Immigrants go on the counterattack. Detainees started organizing larger and larger hunger strikes in 2014 to publicize the ongoing crimes against them. Recognizing that a grassroots effort was critical, immigrant rights fighter Maru Mora Villalpando co-founded La Resistencia in 2015 to help with the hunger strikes, spotlight other atrocities, and publicize the fightback. Workers have a wage-theft lawsuit against GEO Group, which is still pending. A 2017 lawsuit revolves around sexual harassment and assault against detainees at NWDC, which has one of the highest numbers of such complaints in the nation. There is virtually no government investigation of such crimes at private detention centers.

NWDC has responded to protests by forcing inmates into solitary confinement for protesting and publicizing conditions inside the center. But this has not stopped the inmates; it’s built further support, inside and outside the jail.

La Resistencia has been campaigning to get the City of Tacoma to shut down NWDC, and continues to support immigrant-led hunger strikes. A cadre of volunteers manages the hotline set up to take in reports of the inhumane conditions. Complaints are then documented and used to raise awareness about the abuses and abhorrent environment inside. La Resistencia has also organized numerous popular protests outside the walls of NWDC, with community support that includes Freedom Socialist Party and Radical Women.

Several groups have rallied in solidarity with La Resistencia. One is a human-rights group at the University of Washington in Seattle, where students recently organized a rally on campus and invited this reporter to speak. The students also collaborated with La Resistencia around a state legislative bill to shut down private prisons, such as NWDC.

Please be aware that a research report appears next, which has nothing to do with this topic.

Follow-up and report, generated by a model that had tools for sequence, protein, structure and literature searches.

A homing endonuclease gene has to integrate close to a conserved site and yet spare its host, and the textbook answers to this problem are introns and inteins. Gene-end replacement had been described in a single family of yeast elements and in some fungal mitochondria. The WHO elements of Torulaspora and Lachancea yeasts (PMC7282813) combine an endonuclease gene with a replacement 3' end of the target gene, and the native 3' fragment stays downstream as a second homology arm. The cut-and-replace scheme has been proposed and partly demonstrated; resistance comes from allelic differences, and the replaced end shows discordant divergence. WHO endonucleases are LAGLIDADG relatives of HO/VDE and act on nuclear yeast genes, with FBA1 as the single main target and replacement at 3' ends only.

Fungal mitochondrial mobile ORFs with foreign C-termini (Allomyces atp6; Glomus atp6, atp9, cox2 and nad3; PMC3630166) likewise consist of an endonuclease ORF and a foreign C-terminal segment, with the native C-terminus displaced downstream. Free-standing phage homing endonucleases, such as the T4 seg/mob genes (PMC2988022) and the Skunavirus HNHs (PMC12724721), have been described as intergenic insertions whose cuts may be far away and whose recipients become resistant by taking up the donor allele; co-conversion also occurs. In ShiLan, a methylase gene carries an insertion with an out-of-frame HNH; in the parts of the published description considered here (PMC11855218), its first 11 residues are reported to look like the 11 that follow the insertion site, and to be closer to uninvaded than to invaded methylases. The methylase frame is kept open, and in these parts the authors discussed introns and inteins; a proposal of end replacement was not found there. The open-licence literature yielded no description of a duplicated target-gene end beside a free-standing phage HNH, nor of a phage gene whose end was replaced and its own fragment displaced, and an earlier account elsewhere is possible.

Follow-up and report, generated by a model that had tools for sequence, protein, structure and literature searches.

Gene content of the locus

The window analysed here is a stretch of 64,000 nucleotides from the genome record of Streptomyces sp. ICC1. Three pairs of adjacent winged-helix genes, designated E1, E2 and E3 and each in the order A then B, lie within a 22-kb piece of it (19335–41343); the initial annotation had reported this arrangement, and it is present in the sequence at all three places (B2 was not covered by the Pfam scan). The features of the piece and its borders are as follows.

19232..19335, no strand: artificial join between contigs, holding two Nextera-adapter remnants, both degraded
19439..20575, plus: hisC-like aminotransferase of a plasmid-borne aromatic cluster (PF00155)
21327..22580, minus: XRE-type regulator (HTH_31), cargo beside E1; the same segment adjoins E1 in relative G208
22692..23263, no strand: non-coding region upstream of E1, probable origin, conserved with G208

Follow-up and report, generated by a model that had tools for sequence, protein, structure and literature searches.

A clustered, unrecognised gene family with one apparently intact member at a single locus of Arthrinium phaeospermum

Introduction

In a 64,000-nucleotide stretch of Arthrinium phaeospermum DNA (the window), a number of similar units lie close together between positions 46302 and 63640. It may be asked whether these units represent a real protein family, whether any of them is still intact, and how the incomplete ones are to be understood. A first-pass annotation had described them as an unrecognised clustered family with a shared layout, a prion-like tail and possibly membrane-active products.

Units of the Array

Washington State’s Democratic-led legislature shamefully watered down this bill to the extent that its purpose — to ban private prisons — was completely removed! This was a setback for the NWDC shutdown campaign. But the battle is not over. Declares UW student and human rights activist Mahilet Mesfin, “We are all in this together, and we will continue to fight.”

Tsuru for Solidarity, a Japanese American-led group organizing to end detention centers also partners with La Resistencia. It mounted a protest on February 23 — the 78th anniversary of President Roosevelt’s infamous Executive Order 9066, which led to the internment of 126,000 Japanese Americans and immigrants. As Seattle Times columnist Naomi Ishisaka reported, “Under the banner Never Again is Now, Japanese American activists want to make sure the silence and complicity of friends and the larger society that our community faced in 1942 is not repeated today. They join other communities who have faced persecution, like Jewish activists who protested ICE last year in Seattle.”

Some basic truths. No one has the right to tell people where they can live, especially when it’s a matter of survival. To cage migrants and their children and treat them inhumanely for profit is astronomically outrageous. As Maru Villalpando puts it, “If a Democrat gets elected, people are going to forget about this issue. It’s not just about getting rid of Trump. We need to get rid of the entire machine.”

With strong support and many community groups working together, it is possible to ban detention centers and abolish all ICE and Customs and Border Protection agencies. It is also possible to halt deportations of undocumented residents and demilitarize the border. And while we are at it, we can keep families united by establishing open borders and full amnesty.

For more information, visit www.laresistencianw.org.

Send feedback to cglopez@mindspring.com

Share with your friends










Submit